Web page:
Rassie Erasmus take a bow. Eighteen months after taking over as Springboks coach he has taken South Africa back to No.1.
It is the first time in more than a decade that South Africa topped the World Rugby rankings.
In fact, when Erasmus formally took charge in March 2018, the Boks were ranked just seventh – following two years that saw South Africa win just 33 percent (2016) and 54 percent (2017) of their matches.
Erasmus’ first year (2018) produced just a 50 percent success rate, but the signs of resurrection were there – a 36-34 win over New Zealand Wellington.
This year the Boks lost just one of their 12 matches, 13-23 to the All Blacks in the opening round of the World Cup.
But the resurgence continued and culminated in South Africa outplaying the pre-match favourites England 32-12 in the World Cup Final at the weekend, winning by a much wider margin than even their most partisan supporters anticipated.
It saw them move to No.1, ahead of New Zealand – who dominate the top spot for the past decade – with England dropping from first place to third.
* Meanwhile the Boks’ World Cup triumph was hailed by South African newspapers on Sunday as an “inspiration” to a nation suffering from racial tensions, unemployment and violence.
South Africa’s first black captain Siya Kolisi “and his Boks have lessons in unity for all of us” suggested the Sunday Times.
“There was something beautiful about the symbolism of Yokohama,” the paper wrote about Saturday’s 32-12 win over England.
For the Sunday Independent “the Boks have inspired their country”.
“It is the responsibility of the rest of South Africa to take their cue from the Boks, put aside their petty squabbles and put their country first,” its editorial said.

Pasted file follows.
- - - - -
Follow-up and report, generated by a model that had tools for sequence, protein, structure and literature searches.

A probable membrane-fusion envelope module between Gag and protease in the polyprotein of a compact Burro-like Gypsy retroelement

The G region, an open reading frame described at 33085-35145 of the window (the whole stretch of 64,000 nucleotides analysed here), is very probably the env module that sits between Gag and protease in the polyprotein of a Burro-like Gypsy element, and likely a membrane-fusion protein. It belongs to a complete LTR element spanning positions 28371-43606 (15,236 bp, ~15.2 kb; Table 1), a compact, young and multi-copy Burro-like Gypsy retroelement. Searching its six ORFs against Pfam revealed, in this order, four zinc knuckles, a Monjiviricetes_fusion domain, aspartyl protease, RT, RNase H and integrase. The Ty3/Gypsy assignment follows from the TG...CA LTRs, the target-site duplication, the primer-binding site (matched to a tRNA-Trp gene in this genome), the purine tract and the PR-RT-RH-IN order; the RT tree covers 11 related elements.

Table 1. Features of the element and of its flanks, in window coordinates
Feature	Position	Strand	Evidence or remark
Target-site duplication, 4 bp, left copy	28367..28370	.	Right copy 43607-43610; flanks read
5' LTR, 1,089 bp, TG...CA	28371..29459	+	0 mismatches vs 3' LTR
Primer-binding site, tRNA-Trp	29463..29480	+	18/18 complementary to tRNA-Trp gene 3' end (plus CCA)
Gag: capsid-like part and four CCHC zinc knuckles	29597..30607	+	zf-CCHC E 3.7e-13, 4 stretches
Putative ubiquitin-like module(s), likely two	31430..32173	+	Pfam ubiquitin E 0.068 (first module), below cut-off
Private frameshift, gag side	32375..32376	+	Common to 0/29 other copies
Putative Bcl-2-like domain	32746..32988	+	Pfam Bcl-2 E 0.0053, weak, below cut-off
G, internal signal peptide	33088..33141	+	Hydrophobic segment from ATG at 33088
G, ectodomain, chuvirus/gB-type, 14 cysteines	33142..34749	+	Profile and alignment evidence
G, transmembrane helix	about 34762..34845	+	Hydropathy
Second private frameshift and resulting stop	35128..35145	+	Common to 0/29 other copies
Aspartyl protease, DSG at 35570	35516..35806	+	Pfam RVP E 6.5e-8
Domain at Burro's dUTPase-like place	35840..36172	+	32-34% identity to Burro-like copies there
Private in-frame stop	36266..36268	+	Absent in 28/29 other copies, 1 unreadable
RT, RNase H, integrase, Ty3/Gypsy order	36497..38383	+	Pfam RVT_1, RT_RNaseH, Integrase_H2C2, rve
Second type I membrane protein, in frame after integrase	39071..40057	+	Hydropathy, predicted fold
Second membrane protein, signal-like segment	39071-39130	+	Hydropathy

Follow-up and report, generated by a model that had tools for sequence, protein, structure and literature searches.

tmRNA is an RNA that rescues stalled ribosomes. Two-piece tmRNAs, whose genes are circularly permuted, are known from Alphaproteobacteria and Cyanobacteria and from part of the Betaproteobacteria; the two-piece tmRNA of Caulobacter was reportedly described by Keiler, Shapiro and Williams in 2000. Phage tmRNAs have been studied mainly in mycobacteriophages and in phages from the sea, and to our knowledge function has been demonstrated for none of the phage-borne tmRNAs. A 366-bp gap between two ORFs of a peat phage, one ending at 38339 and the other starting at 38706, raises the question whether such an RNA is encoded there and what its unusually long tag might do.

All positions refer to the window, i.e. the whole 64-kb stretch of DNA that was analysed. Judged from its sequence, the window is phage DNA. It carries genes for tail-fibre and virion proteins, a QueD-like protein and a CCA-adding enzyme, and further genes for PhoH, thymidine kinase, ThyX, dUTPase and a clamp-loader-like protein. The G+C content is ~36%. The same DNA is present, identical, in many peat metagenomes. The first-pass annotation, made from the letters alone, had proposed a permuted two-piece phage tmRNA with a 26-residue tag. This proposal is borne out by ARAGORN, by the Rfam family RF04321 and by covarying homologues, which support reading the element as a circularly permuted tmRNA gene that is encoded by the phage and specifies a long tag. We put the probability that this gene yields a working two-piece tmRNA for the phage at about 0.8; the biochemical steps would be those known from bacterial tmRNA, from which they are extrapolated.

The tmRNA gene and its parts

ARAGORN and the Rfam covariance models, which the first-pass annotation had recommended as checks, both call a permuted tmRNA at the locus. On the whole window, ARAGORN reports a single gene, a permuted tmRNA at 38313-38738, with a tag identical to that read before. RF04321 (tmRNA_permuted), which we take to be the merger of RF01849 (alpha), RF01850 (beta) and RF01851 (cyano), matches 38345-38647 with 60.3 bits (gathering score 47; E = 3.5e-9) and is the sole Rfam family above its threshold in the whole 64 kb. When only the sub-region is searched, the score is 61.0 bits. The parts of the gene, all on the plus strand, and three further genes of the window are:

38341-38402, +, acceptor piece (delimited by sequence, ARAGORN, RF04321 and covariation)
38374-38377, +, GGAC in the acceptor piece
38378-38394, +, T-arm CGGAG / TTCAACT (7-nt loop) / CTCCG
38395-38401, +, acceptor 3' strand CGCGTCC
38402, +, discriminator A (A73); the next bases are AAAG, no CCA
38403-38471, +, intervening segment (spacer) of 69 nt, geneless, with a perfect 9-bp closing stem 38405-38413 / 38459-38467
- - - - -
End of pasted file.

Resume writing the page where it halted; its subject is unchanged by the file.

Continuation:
The paper recalled that since the ending of apartheid in 1994 “the Springbok emblem quite understandably has been the centre of heated emotions given its former apartheid connotations”.
But as a result of Nelson Mandela’s decision during the 1995 tournament to embrace it as a means of reconciliation, “it survived and now has the potential to grow into a rallying point for all South Africans”.
“The image of Siya Kolisi, the first black Springbok captain, hoisting aloft the Webb Ellis Cup is as iconic as the one of Madiba congratulating Francois Pienaar in ’95”.
The Times dwelt on the significance of Kolisi’s “wise words” after the final whistle in Japan.
“We have so many problems in our country but a team like this, we come from different backgrounds, different races but we came together with one goal and we wanted to achieve it,” the captain said.
“I really hope we’ve done that for South Africa. Just shows that we can pull together if we want to achieve something.”
The paper said Kolisi’s comments “apply hugely to the economy”.
Its front page ran the headline “Siyabonga” – ‘thank you’ in Zulu – with the skipper’s first name ‘Siya’ highlighted.
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